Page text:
Apigenin, one of the most abundant antioxidants in celery and its juice, may protect against arthritis, autoimmune diseases and neurological disorders, according to the International Journal of Food Properties review. Another research paper, published in the Journal of Evidence-Based Integrative Medicine in July 2017, discussed the potential health benefits of luteolin, caffeic acid, ferulic acid, kaempferol and other antioxidants that occur naturally in this vegetable.
As the scientists point out, celery may help prevent cardiovascular problems and liver disease. Its root has diuretic properties, while its seeds and leaves are rich in flavonoids and phenolic acids. These phytochemicals have been studied for their role in disease prevention and treatment. Kaempferol, for instance, may lower your risk of cancer, although more research is needed to confirm its efficacy.
This veggie and its juice are generally safe. However, there is a risk of allergic reactions and impaired thyroid function, according to a case report published in the International Journal of Preventive Medicine in May 2019.
Read more: The Risks of Eating Excess Celery
Reach out to your doctor if you experience any side effects after eating celery. Also, be aware that celery extract is not recommended for those with an overactive thyroid.
- USDA: "Raw Celery"
- International Journal of Food Properties: "Health Functionality of Apigenin: A Review"
- USDA: "Nutrition Facts for Celery"
- Cleveland Clinic: "Celery Juice Is a Trendy Detox Drink, but Does It Actually Have Benefits?"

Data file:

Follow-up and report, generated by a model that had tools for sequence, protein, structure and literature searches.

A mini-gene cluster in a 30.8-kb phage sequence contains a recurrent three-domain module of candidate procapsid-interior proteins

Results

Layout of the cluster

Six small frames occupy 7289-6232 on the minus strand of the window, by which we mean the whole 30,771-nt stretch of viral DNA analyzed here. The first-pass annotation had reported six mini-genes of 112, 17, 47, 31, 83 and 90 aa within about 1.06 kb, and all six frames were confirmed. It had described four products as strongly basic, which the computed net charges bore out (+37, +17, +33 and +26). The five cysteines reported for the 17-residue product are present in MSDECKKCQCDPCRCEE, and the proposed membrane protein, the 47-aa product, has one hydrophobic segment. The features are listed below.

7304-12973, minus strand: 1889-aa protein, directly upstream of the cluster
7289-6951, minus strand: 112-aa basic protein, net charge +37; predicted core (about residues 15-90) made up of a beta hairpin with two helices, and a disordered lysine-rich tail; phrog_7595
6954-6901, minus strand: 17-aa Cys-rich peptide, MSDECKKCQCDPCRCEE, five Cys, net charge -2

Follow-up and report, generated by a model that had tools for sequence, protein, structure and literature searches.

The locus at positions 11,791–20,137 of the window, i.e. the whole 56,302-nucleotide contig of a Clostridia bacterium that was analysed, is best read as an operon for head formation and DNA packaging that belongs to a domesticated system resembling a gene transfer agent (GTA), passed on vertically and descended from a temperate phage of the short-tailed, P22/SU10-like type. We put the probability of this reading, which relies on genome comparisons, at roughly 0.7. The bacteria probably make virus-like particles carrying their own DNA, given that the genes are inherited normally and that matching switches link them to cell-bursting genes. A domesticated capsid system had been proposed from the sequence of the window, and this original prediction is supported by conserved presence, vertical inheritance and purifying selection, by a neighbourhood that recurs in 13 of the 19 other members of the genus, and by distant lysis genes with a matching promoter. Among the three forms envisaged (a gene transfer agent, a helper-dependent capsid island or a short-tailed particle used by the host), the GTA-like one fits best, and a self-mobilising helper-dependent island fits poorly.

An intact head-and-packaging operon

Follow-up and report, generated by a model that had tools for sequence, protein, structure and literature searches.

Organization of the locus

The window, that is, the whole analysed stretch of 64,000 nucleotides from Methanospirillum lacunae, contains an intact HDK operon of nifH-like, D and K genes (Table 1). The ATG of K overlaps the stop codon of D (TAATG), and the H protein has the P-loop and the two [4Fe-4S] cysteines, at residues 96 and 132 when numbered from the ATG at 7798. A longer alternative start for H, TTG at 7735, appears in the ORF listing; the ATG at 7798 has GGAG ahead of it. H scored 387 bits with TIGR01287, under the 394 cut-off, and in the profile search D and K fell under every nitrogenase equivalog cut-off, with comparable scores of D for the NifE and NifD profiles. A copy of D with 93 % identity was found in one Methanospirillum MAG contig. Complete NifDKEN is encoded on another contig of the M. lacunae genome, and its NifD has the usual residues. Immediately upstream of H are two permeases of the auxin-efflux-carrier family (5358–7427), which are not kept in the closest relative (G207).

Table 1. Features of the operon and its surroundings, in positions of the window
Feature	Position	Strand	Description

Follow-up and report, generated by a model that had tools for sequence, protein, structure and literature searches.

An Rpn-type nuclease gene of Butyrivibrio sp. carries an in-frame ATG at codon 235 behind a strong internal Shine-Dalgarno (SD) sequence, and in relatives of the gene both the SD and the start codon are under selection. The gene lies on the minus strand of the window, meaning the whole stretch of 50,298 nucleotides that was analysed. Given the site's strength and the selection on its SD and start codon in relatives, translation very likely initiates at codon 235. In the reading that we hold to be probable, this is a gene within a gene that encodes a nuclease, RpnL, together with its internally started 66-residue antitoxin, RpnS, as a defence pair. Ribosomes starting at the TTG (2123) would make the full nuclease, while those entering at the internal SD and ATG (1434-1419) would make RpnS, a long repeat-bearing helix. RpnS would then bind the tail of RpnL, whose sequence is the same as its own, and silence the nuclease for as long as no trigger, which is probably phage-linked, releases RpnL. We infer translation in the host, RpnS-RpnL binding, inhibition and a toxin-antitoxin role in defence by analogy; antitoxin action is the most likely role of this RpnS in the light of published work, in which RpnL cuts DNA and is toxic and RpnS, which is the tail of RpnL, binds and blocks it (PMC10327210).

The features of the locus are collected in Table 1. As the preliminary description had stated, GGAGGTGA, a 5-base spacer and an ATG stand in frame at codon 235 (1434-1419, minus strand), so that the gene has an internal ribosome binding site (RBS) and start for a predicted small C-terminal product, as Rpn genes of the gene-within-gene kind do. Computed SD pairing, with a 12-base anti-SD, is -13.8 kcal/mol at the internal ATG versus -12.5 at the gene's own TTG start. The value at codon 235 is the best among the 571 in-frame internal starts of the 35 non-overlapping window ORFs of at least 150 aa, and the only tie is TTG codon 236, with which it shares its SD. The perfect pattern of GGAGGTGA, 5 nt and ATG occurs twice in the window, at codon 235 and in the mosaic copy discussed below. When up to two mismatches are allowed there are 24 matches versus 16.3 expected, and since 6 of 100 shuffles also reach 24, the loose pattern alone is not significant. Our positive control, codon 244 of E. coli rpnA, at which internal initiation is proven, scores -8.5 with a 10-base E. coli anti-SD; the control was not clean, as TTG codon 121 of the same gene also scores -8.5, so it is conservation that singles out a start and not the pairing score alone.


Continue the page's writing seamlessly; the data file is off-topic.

- Mayo Clinic: "Is Vegetable Juice as Good as Whole Vegetables for Meeting the Number of Recommended Servings a Day?"
- University of Michigan Health System: "The Role of Fiber"
- NCBI: "Dietary Fiber Intake and Risk of Colorectal Cancer and Incident and Recurrent Adenoma in the Prostate, Lung, Colorectal, and Ovarian Cancer Screening Trial"
- International Food Information Council Foundation: "Mythbuster: Negative Calorie Foods"
- USDA: "Nutrition Facts for Celery: One Cup"
- USDA: "Carrot Juice"
- USDA: "Tomato Juice"
- USDA: "Vegetable Juice Blend"
- USDA: "Raw Orange Juice"
- USDA: "Grape Juice"
- JAMA Network Open: "Association of Sugary Beverage Consumption With Mortality Risk in US Adults"
- MedlinePlus: "Calcium in Diet"
- NIH: "Potassium"
- Journal of Evidence-Based Integrative Medicine: "A Review of the Antioxidant Activity of Celery"
- Molecules: "Kaempferol: A Key Emphasis to Its Anticancer Potential"
- International Journal of Preventive Medicine: "Effect of Celery Extract on Thyroid Function; Is Herbal Therapy Safe in Obesity?"